With the exception of judgments dealing with divorce and custodial issues, it is rare for those issued by Chinese courts to be enforced in the United States. Therefore, it was a significant development when, in the matter of Hubei Gezhouba Sanlian Industrial Co., Ltd. et. al. v. Robinson Helicopter Co., Inc., 06-01798 (C.D. Cal 2009) (the “Sanlian Case”), United States District Court Judge Florence-Marie Cooper decided to enforce a monetary judgment of almost US $6.5 million awarded by the Higher People’s Court of Hubei Province, China, (the “Hubei Higher Court”) against Robinson Helicopter Company, an aircraft manufacturer based in Torrance, California (“Robinson”).
On 29 March 2011, the judgment was affirmed by circuit Judges Rymer, Callahan and Ikuta of the United States Court of Appeals for the Ninth Circuit. This is the first ever United States appellate ruling that affirms enforcement of a PRC court judgment in the United States.
Hubei Gezhouba Sanlian Industrial Co., Ltd. (“Gezhouba”) was the owner of a model R-44 helicopter manufactured by Robinson. Hubei Pinghu Cruise Co., Ltd. (“Pinghu”) was the owner of a river cruise boat from which the helicopter had been operating. On Tuesday, March 22, 1994 the helicopter crashed into the Yangtze River, causing the death of three people. The crash was the result of a manufacturing defect in the particular Robinson R-44 model and in March 1995, the two Chinese companies sued Robinson in the Superior Court of the State of California claiming negligence, strict liability and breach of implied warranty. Robinson demurred, arguing that the Peoples’ Republic of China had an independent judiciary which followed due process of law and that a Chinese court would have jurisdiction over the case. The California Superior Court agreed, and the suit was dismissed on the grounds that China was a more convenient forum. However, as a condition for dismissal of the California lawsuit, Robinson agreed to toll the statute of limitations and to abide by any judgment rendered by a Chinese court.
In 2001, after an attempt to submit the case to arbitration in the United States failed, the Chinese companies decided to commence civil proceedings against Robinson in the Hubei Higher Court in Hubei. A three-judge panel was formed, and among other things, it properly notified Robinson of the date set down for trial, March 25, 2004, in accordance with the provisions of the PRC Civil Procedure Law）. Robinson failed to appear on that date but the trial continued. After assessing the evidence submitted in due course by the plaintiffs, the three-judge panel found that the fatal helicopter crash had indeed been the result of manufacturing defects in the Robinson R-44. Finally, in December 2004, the Hubei Higher Court issued a judgment awarding the equivalent of approximately US $ 6.5 million in favour of Gezhouba and Pinghu (Hubei Gezhouba Sanlian Industrial Co., Ltd., et.al. v. Robinson Helicopter Company Inc., Case No (2001) E-Min-Si-Chu-1), (the “PRC Judgment”). and Article 5(a) of the Hague Convention on the Service Abroad of Judicial and Extrajudicial Documents in Civil or Commercial Matters (“Hague Convention”
Since the PRC Judgment was rendered by a court of first instance, Robinson had an automatic right of appeal under the PRC Civil Procedure Law which, as a party without domicile in the PRC, it had to exercise within 30 days of service. However, Robinson did not exercise its right of appeal in the PRC courts, and as a consequence the PRC Judgment became final and enforceable under PRC law. Because Robinson was a party without domicile in the PRC, the plaintiffs were entitled, in principle, in accordance with the PRC Civil Procedure Law, to apply for recognition and enforcement of the PRC Judgment directly to the foreign court with jurisdiction over Robinson’s assets.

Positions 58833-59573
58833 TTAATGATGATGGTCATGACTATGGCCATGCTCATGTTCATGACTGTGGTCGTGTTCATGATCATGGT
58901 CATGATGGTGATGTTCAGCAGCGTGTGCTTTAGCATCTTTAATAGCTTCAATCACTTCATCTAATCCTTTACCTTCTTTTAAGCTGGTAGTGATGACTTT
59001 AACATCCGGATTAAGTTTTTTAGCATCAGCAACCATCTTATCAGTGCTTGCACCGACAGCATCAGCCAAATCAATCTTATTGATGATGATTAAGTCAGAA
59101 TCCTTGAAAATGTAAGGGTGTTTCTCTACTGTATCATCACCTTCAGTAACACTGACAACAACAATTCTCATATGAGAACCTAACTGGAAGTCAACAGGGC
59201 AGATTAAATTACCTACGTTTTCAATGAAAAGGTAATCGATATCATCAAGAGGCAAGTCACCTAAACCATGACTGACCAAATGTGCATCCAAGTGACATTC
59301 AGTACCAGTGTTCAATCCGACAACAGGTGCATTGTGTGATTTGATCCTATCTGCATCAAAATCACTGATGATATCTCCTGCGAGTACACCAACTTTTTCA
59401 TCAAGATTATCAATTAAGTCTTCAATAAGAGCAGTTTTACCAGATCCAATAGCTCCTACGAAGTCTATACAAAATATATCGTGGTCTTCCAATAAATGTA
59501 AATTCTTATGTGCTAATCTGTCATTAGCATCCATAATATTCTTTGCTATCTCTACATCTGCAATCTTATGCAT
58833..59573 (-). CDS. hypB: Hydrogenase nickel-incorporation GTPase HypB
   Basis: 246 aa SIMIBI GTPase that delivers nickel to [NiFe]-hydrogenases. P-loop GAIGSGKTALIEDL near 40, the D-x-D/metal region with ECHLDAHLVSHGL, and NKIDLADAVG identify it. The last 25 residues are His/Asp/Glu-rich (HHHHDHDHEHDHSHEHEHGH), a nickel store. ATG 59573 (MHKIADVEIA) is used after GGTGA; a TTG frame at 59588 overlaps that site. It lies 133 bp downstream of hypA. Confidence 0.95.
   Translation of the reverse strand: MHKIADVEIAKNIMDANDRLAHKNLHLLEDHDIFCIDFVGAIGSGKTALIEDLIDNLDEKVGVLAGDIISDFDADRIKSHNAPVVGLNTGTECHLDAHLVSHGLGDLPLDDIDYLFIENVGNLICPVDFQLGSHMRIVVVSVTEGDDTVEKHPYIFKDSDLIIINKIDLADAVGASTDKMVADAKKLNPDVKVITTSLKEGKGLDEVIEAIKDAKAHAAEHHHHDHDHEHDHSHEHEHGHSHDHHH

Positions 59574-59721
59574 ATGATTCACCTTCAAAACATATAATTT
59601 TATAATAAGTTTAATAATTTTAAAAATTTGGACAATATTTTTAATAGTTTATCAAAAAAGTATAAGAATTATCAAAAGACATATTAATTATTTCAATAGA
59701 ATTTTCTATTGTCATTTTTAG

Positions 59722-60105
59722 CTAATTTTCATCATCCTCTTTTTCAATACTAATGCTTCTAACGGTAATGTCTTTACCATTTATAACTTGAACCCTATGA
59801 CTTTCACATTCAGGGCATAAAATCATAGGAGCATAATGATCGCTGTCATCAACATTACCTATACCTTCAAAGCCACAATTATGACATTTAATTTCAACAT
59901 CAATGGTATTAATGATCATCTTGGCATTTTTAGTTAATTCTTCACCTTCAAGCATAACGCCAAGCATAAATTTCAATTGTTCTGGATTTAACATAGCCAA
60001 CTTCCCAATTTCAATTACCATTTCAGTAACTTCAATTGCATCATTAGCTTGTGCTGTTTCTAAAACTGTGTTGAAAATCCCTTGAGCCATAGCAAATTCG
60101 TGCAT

There is no treaty and there are no reciprocal arrangements between the U.S. and China with respect to the mutual recognition and enforcement of judgments issued by each other’s courts in civil and commercial matters. However, in the U.S., the general principles of comity and recognition of foreign money judgments have been codified in the Uniform Foreign Money Judgments Recognition Act (“UFM-JRA”) and the state of California has adopted the provisions of the UFM-JRA in its Code of Civil Procedure.
Notwithstanding this, the plaintiffs’ initial efforts to obtain recognition of the PRC Judgment in the U.S. were rejected. In enforcement proceedings before the United States District Court for Central District of California, Robinson argued, and presiding Judge Cooper agreed, that the PRC Judgment was void because California Law rather than PRC Law applied to the statute of limitations, which had expired before the Chinese proceedings were commenced. However, the plaintiffs appealed Judge Cooper’s decision to the U.S. Court of Appeals for the Ninth Circuit which ruled that the Chinese proceedings were not time-barred. This was so, according to the Court of Appeals, because Robinson’s agreement to toll the statute of limitations in the original California Superior Court proceedings remained in place. The Court of Appeals also found that recognition and enforcement of the PRC judgment would not offend California’s public policy against stale claims.
The Enforcement Decision
On remand to the California Central District Court, Judge Cooper again heard argument from the parties concerning recognition and enforcement of the PRC Judgment. At the bench trial on June 2 and 3 2009, Robinson argued, contrary to its original position, that the Chinese legal system does not provide impartial tribunals or procedures compatible with the requirements of due process. However, finding no evidence that the Hubei Higher Court’s decision lacked either impartiality or due process, Judge Cooper ruled that the PRC Judgment was “final, conclusive and enforceable under the laws of the People’s Republic of China” deciding on August 12, 2009 that “Plaintiffs are hereby entitled to the issuance of a domestic judgment in this action in the amount of the PRC Judgment, with interest calculated as set forth in the PRC Judgment.”
The Appeal Decision